Privacy act access expanded for electronic records
WASHINGTON, D.C.–A federal District Court in Washington D.C. extended Privacy Act rights to cover federal records containing information about individuals if the records can be located by searching electronic databases for personal names or identifiers.
In late May, Judge Thomas Flannery said the Privacy Act kicks in whenever records about an individual can be located through a computerized search.
Judge Flannery rejected interpretations of the Privacy Act regarding paper records that have said the Act covers only records within systems of records that can be retrieved and are retrieved by a name or personal identifier. He said as long as an agency is capable of retrieving a record by name or personal identifier in a computerized search, the Privacy Act applies.
The decision came as the result of a Privacy Act lawsuit brought by Wanda Henke, a contact for Dynamic In Situ Geotechnical Testing, Inc. Dynamic had applied unsuccessfully for a Department of Commerce grant to help fund high-risk but powerful new technologies. Henke wanted the agency to conduct a computerized search for her name, and allow her access to records that would appear. Those records would give Henke a reference to the file regarding Dynamic’s failed application.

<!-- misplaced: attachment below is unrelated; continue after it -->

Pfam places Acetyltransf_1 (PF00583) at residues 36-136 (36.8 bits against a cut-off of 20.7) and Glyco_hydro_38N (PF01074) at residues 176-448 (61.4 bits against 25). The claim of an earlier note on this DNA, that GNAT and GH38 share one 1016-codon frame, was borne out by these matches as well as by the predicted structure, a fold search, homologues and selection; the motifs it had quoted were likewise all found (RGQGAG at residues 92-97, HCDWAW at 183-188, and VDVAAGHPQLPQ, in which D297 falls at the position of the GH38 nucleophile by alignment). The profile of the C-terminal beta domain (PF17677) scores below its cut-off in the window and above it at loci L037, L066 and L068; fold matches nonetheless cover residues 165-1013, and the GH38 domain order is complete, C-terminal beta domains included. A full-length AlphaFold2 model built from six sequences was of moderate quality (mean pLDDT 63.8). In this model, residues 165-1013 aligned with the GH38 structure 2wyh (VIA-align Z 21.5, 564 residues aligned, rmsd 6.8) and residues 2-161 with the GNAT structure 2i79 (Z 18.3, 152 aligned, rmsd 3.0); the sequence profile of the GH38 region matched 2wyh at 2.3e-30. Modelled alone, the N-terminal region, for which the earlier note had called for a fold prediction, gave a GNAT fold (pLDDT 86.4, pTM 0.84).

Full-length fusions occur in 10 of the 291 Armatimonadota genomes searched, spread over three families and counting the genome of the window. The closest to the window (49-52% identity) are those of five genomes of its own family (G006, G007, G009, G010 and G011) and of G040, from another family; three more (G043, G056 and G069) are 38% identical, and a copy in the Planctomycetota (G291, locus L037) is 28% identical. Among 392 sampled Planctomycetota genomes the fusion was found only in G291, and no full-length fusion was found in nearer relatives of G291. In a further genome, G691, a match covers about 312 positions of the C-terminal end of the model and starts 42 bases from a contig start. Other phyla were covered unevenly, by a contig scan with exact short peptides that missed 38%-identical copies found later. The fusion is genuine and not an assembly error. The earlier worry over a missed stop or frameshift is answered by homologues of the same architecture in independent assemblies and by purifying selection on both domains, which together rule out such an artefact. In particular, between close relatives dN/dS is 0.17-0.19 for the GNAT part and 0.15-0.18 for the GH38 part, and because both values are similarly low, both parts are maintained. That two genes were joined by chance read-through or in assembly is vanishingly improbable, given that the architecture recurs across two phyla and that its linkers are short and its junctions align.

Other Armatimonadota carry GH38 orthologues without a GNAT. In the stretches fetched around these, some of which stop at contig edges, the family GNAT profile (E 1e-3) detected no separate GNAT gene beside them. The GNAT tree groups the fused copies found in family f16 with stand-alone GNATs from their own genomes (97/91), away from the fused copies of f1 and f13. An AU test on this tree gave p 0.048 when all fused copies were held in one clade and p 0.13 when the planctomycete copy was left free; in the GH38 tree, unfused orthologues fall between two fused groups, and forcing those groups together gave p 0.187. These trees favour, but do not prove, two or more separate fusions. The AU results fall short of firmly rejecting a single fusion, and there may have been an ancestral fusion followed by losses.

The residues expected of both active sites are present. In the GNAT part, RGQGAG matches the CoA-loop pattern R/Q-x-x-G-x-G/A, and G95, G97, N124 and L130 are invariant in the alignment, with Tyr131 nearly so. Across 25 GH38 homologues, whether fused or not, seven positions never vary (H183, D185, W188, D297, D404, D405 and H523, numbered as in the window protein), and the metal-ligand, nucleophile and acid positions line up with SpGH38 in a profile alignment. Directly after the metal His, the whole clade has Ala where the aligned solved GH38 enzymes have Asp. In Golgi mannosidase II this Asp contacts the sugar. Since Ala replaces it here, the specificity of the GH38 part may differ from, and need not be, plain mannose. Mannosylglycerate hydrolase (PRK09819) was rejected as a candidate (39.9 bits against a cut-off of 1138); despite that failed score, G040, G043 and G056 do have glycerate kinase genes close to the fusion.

The court said that, under the Privacy Act, Henke may have access to the company’s file, including peer review records, because it is referenced under her name in the database.
If regarded as a precedent, the ruling would expand the Privacy Act rights of individuals to discover and correct information about themselves in government files. The Privacy Act also confers a right of individuals that is not addressed in this case, a right to challenge improper government disclosures of information regarding them.
In the past the Privacy Act, enacted in 1974 when information was generally located only through searches of paper records, applied only to records within a system of records retrievable and retrieved by name or personal identifier.
Information about an individual that could be located in another file, such as a subject matter file or a file of another person, was not previously covered by the Act. As one court noted, if an agency could only locate a record because someone remembered where it was, or by rummaging through the files, the Privacy Act did not apply.
Although previous rulings on the Privacy Act generally have applied to paper records, the judge noted Congress’ concern at passage of the Act that the use of computers and sophisticated technology “had greatly magnified the harm to individual privacy.” (Wanda Henke v. Department of Commerce)